For that reason, I decided to compile a list of my own interview questions.These are not, per sae, questions that I have been asked, but rather, some I have been asked and some I wish I were asked.
Tell me why you became a doula?
This will give you insight into her, personally. This will also give you a good indication of her emotional health going into births.
What is your personal philosophy about pregnancy, labor and birth?
You may uncover some of that in the prior question, but this will also give you a passionate look into her personality and attitudes surrounding the birth event.
What is your personal definition of a doula and her role?
This is a good one. The Greek term is so generic, it misses the point of the heart and depth behind what a doula truly is. We are more than labor support professionals, more than women's servants.
Have you received training as a doula?
I prefer this question to 'are you certified' because there are many doulas who have extensive experience, chose to decertify, or are beyond certification in their practices that may miss out on clientele simply because the question is phrased wrong. Likewise, there are some doulas who get a 'free ride' on their certification, but could really use a little more experience... and even others who are newly certified, but are very competent and experienced.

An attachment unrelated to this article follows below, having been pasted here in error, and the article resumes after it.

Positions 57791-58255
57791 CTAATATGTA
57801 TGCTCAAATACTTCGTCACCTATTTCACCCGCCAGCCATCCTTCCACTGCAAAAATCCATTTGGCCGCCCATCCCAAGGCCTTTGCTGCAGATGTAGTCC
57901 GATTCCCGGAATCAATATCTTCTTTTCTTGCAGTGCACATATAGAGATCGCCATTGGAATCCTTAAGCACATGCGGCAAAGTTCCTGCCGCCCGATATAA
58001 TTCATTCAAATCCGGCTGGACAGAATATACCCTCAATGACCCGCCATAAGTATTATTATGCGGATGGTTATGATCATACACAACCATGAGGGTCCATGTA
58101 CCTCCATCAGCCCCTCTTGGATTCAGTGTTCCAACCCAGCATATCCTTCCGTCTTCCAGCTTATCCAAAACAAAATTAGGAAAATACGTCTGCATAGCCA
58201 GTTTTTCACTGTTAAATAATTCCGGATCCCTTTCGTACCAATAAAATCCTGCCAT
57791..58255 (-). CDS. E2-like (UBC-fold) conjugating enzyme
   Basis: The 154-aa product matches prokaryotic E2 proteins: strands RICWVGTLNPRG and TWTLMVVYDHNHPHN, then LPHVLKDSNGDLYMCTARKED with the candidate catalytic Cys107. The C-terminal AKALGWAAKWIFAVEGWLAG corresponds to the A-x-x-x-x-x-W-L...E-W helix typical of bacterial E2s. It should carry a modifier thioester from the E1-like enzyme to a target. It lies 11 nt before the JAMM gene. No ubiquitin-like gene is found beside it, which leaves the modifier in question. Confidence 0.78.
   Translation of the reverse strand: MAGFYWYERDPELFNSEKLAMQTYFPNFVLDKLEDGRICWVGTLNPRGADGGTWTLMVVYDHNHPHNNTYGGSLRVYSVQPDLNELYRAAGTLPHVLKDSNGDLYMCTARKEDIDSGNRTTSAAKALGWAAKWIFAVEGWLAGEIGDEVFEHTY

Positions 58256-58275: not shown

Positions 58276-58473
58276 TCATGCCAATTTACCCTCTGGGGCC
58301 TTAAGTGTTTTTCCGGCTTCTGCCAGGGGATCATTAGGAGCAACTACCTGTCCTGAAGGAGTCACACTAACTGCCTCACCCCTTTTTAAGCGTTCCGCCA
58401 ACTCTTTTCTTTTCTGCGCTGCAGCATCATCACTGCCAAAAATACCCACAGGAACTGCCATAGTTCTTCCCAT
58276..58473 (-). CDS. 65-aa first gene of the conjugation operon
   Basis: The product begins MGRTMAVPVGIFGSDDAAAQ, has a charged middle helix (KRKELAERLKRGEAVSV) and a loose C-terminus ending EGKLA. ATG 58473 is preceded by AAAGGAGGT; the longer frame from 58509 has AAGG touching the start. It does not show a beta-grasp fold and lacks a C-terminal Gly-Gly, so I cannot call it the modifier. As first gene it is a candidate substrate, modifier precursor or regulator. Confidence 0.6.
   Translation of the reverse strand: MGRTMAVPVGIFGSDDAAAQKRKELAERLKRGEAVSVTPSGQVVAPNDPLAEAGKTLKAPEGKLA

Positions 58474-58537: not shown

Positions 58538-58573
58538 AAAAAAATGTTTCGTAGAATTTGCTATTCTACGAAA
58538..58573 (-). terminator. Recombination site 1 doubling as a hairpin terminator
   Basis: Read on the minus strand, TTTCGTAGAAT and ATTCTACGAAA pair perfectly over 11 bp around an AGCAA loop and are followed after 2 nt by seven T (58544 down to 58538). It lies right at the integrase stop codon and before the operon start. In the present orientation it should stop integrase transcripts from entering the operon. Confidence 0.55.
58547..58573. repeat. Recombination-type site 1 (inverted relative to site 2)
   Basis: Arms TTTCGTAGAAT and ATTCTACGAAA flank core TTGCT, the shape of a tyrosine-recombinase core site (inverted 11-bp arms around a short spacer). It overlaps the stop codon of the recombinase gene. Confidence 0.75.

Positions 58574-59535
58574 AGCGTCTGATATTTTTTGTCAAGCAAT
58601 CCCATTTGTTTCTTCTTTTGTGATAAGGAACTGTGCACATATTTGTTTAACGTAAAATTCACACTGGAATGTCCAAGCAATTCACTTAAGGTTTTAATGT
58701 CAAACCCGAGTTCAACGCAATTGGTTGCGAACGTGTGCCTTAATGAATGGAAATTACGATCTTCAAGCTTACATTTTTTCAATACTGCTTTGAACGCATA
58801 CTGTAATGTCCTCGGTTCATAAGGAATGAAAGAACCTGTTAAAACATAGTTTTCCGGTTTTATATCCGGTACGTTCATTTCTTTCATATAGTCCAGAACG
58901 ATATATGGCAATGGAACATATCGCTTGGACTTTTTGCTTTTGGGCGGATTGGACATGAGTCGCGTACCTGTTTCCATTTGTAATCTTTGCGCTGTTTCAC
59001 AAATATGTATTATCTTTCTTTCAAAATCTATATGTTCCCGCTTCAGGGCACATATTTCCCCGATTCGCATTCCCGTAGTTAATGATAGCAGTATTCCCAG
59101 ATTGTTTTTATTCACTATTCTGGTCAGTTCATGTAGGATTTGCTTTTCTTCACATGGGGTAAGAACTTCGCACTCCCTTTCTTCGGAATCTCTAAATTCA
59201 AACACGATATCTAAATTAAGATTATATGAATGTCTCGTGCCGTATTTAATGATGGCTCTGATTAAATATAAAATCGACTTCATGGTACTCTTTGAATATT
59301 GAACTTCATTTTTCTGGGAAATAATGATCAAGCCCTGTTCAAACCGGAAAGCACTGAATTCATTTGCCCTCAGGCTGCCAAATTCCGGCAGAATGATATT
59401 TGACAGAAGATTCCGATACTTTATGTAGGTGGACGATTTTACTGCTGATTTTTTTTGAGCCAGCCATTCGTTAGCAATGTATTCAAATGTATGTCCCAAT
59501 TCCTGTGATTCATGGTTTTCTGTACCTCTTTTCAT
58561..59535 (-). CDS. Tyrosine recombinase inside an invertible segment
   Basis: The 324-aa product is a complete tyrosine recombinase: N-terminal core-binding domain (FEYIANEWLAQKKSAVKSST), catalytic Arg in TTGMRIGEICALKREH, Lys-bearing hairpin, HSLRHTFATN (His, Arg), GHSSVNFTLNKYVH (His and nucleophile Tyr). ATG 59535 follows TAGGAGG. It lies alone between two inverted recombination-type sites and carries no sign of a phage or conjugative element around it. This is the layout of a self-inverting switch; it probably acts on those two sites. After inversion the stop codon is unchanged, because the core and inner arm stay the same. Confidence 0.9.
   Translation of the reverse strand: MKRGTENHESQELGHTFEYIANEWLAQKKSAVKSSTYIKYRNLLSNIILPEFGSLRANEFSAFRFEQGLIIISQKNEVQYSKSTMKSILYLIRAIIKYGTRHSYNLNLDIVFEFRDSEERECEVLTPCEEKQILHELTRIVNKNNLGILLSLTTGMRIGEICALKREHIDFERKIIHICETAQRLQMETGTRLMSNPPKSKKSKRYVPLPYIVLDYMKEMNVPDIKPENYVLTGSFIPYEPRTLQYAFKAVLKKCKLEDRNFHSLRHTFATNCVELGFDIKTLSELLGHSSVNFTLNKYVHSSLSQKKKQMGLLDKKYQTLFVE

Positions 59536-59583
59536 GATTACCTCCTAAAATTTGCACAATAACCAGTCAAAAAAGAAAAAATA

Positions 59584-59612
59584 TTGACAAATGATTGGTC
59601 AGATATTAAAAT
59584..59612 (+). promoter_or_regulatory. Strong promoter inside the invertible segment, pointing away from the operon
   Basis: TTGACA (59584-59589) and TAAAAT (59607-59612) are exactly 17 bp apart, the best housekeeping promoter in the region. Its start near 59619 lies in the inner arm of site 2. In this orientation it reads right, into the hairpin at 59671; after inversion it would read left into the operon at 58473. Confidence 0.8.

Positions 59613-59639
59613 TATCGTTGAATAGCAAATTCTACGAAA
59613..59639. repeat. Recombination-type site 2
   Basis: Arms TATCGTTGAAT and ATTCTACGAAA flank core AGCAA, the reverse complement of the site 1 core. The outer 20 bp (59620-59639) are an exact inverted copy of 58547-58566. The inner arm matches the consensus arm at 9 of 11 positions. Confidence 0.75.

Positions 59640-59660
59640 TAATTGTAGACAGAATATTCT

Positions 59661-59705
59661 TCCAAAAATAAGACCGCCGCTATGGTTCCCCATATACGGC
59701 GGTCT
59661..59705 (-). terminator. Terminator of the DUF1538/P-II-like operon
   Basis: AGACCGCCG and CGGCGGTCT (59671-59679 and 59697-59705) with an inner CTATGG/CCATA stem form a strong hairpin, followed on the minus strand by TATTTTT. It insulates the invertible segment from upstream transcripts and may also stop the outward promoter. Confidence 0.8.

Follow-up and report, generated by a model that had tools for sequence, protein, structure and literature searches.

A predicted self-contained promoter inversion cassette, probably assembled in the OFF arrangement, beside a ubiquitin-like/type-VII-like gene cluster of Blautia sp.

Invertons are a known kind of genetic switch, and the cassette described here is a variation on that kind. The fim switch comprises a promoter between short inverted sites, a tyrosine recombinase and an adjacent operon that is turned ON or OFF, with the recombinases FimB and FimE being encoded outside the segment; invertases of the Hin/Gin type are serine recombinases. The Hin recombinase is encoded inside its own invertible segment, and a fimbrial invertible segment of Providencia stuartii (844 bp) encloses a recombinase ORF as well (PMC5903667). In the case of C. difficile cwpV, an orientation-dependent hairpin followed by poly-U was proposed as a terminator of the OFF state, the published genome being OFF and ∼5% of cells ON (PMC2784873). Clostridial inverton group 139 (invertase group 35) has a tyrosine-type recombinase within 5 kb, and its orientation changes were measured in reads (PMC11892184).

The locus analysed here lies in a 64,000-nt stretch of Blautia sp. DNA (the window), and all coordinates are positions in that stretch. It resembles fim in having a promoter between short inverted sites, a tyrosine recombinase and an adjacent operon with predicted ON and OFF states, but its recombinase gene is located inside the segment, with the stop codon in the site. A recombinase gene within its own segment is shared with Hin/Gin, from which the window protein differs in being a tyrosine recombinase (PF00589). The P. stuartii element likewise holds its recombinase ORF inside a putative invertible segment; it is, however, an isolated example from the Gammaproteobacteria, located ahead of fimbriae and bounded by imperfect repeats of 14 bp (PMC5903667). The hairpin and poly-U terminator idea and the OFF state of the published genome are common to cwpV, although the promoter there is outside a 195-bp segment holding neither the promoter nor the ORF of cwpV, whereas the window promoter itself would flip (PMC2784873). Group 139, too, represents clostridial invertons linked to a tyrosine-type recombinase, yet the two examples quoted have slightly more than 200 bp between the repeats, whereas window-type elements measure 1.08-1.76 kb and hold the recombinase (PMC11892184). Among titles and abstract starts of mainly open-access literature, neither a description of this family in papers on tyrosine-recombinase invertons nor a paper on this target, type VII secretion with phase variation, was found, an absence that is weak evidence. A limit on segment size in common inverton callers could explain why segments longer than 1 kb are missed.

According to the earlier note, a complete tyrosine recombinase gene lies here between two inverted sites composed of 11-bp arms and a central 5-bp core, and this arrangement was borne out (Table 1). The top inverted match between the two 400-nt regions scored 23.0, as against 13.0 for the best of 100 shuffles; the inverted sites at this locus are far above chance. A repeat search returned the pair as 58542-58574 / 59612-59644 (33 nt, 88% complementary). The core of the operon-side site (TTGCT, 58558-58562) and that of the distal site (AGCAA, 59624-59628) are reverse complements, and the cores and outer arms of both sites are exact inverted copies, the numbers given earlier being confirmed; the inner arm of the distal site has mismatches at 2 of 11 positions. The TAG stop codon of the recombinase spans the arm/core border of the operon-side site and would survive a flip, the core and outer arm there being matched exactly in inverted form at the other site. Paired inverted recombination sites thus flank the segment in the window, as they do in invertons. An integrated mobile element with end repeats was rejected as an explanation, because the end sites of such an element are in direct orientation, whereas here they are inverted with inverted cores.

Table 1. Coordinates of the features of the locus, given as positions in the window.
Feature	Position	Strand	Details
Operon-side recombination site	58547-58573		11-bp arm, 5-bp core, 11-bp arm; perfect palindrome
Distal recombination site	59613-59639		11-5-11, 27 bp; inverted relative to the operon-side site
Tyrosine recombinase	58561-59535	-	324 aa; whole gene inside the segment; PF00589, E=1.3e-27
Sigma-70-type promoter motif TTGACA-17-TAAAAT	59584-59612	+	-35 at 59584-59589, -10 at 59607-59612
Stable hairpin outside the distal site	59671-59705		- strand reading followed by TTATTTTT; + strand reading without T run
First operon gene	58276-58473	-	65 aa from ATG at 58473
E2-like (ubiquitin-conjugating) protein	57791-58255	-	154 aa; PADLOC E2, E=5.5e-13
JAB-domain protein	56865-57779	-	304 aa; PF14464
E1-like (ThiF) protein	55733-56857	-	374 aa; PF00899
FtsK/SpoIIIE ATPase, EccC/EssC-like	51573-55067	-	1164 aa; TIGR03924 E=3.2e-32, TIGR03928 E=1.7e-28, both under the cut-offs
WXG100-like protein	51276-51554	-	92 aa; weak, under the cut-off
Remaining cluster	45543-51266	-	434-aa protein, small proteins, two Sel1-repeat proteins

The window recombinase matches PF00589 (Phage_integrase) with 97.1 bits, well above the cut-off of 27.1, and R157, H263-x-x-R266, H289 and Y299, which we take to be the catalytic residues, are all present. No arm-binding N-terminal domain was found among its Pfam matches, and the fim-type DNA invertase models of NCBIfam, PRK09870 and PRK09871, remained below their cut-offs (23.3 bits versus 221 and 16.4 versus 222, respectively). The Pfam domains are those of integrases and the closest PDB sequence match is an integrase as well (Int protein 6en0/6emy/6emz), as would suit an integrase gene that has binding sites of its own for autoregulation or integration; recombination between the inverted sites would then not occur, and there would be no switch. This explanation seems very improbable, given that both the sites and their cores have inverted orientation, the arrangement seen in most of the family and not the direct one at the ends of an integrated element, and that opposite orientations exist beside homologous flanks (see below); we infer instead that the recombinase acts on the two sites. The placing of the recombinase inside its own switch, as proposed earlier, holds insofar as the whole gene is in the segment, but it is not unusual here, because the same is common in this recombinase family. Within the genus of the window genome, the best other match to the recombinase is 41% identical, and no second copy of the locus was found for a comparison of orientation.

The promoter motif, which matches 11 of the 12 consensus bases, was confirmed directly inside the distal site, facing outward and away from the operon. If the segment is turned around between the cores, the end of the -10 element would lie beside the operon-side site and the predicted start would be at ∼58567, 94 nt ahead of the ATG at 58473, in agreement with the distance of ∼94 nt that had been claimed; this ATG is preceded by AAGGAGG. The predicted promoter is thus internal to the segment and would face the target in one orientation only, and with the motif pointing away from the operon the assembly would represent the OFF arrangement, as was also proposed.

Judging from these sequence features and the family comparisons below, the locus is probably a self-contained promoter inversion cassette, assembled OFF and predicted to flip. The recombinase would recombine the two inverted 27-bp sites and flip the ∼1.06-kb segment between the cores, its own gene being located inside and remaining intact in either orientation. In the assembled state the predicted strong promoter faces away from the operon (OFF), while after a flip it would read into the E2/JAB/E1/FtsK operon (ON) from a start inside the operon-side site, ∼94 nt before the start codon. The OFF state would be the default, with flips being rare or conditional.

Have you taken any additional training/education?
Some doulas have taken massage therapy classes, homeopathy, counseling, trauma assessment, IBCLC, CPR/AED, Midwifery assistant/apprenticeship, childbirth education, personal training, nutritional counseling, or other pertinent training that might be helpful.
Can you give me an example of a more challenging birth, why it was challenging, and how you worked within that atmosphere/challenge?
This will give the doula you are interviewing a chance to both give you examples of her work, how she handles adversity, and a chance to showcase her experience.
Can you give me an example of a blissful/beautiful birth and why it was blissful/beautiful?
This will give the doula you are interviewing a chance to both give you examples of her work, a happy birth story, and also give you, the mother, some ideas of what you might want to incorporate into your birthing time.
Do you have references?
2-3 past clients and 1-2 professional (peer) references are ideal.
Can you give me an example of what your services include (phone, email, prenatals, postpartum, etc..)?
This should include information on information/accessibility prior to your prenatal visits, what is covered in your prenatals, when you will have her at your birth, how long she stays afterward, and what postpartum services she offers. Additionally, this should include 'other' services she offers to you as a doula.
Do you have back up?
This one is important. Many doulas work independent of other doulas. Cooperation/back-up with at least one other doula is ideal as this ensures that, if she is unavailable for any reason (emergency, illness, etc...) you will still have birth support. There should also be a way for you to be able to meet with them.
What is the most important tool you bring to women/a birth?
This will vary by doula. It helps you to know their philosophy and strengths.
Likewise, this is the basic information that the doula you are interviewing would like to know in order to know if she would be a good fit for you:
- What is your estimate due date (EDD)?
- Where are you planning on giving birth and who is your care provider?
- Do you have any other children and, if so, what was their birth(s) like?
- What are your hopes for your birthing time? (medicated, unmedicated, etc..)